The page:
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In the US, the most common poisonous snakebites come from rattlesnakes. It is important to point out that bites from these poisonous snakes don’t occur that frequently and typically are not fatal. Much can be done to prevent getting bit by a snake including staying away from areas that snakes are located, and when in snake-laden areas, walking with care and paying attention. People who intend to be in areas where rattlesnakes are common should carry a few things with them. These include a snakebite kit and a cellphone or ham radio.
There is much misinformation on how to treat a rattlesnake bite. Some poor suggestions includes things like bringing the snake to the hospital to identify whether it’s poisonous, using a tourniquet above the rattlesnake bite area to prevent poison from going to other parts of the body, icing the bite, cutting the bite, and sucking out the snake venom. It’s a good idea to throw out all of these suggestions, as they are not recommended by organizations like the Red Cross and most medical organizations.
Really, the first thing people should do after a rattlesnake bite is to move away from the direction of the snake, as it may still be present. Companions of the snakebite victim should not attempt to chase the snake down or kill it, but should get the bite victim away from the snake. However, they shouldn’t move too far away as the person who has been bit needs to move as little as possible.
Next, the cellphone or ham radio comes in handy. Call for help right away. If the phone doesn’t work, assess the distance to help before deciding whether to move the person who has received a bite. If several people are present, send a few people back for help while leaving at least one person with the bite victim. If alone, it is better to walk to get help if the distance is no more than 30 minutes away.
Another thing that should occur in these early minutes after a rattlesnake bite is to wash the wound with warm soapy water. When people are carrying a snakebite kit, they can use the suction pump inside it to attempt to extract some of the venom, though this has not been proven to be particularly effective. Most important is keeping the area of the bite below the heart, and remaining calm.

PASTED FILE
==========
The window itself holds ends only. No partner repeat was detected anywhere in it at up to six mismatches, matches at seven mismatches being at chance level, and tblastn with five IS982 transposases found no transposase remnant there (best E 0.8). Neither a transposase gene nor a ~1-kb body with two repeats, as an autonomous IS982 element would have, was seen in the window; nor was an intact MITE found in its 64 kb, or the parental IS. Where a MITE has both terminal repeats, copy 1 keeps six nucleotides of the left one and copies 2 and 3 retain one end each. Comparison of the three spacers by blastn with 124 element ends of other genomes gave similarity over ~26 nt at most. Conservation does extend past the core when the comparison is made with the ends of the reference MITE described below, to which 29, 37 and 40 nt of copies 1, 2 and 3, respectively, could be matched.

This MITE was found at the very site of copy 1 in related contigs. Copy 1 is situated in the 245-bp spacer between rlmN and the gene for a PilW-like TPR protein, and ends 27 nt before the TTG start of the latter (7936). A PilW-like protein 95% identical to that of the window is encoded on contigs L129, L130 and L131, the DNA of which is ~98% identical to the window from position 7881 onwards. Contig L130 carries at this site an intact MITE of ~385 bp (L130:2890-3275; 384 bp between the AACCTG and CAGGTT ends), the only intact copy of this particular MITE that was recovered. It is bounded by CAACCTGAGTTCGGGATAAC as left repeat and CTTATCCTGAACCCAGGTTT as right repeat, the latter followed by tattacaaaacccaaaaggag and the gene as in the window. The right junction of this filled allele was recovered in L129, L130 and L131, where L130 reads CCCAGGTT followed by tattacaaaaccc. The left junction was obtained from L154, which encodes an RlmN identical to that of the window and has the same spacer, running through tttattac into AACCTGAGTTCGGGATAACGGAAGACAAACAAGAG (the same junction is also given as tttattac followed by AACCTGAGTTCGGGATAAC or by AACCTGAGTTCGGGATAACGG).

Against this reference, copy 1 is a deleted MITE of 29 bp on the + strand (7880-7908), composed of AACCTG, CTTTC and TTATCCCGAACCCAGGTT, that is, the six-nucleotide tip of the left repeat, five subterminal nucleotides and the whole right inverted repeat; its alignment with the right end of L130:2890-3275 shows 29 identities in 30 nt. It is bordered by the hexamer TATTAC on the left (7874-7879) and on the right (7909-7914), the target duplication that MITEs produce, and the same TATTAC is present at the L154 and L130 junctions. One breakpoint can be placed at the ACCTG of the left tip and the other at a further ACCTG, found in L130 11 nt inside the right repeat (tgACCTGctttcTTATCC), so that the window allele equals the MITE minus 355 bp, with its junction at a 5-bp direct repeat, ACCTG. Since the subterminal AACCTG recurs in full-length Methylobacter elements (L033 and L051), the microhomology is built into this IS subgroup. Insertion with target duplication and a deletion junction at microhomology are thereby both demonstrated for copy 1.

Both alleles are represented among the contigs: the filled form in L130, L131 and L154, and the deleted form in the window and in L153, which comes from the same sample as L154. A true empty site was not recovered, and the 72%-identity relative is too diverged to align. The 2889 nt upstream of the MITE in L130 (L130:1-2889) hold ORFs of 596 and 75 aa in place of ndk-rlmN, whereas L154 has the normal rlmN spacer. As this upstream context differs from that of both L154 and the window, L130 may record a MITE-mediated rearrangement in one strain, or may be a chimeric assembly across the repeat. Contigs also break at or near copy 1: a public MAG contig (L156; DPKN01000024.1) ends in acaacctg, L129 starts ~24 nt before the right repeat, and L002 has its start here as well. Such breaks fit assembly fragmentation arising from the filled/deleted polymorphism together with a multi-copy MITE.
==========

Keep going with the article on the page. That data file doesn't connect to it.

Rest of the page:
Depending on the location of the bite, it may be a good idea to look for any jewelry the victim may be wearing. A bite on the hand suggests removing any rings or bracelets because swelling may cause these to become very tight. Toe rings and anklets should be removed if a person receives a rattlesnake bite on the foot or the leg.
When emergency help arrives at the scene, they may decide to immediately administer antivenin if the person bitten is in immediate danger. Many times this decision to treat with antivenin is held off until a person arrives at the hospital. Emergency medical workers may start an IV and administer pain medication.
At hospitals, most people are treated with antivenin and may be observed for several hours to make certain that they are recovering well, and they may have blood tests or have frequent blood pressure, respiration and pulse checks to assess any complications. Some people might go home that same day, but others may require overnight or longer hospitalization depending upon complications of the bite. Sometimes rattlesnake bites can cause severe tissue damage, and this might require later treatment with things like skin grafts. Treatment can really depend on bite severity, amount of venom injected, and individual reaction.
People who plan to walk alone through areas where there are poisonous snakes should always plan on carrying a cellphone or ham radio, and a snakebite kit. It is particularly important that these folks know where they are, and know the numbers of the nearest agencies that can help them in case of a bite. Obviously avoidance is still the best method, and caution when walking can do a lot to avoid rattlesnake bites. Walkers should be aware at all times of where they’re going and listen for the familiar rattle warning of these snakes so that they can find ways to avoid being bit.
Did some land surveying over the last two weeks and almost stepped on two timber rattlesnakes at Briery Branch Dam, Rockingham County near Harrisonburg, Va.
I'm hoping I don't get bit on my next visit, since the closest hospital is about 45 minutes away and no cell service in that area. My question is were you able to drive after you were bitten? And how are you doing?
Actually, many hospitals do require the snake to come in with the victim. They need to verify the type snake to administer the proper antivenin. They also X-ray the snake to check and see how recently the snake has eaten. It the snake has attacked and eaten it's food recently it will have less venom. We just went through this last night. The snake was a timber rattlesnake. The hospital did ask for the snake.
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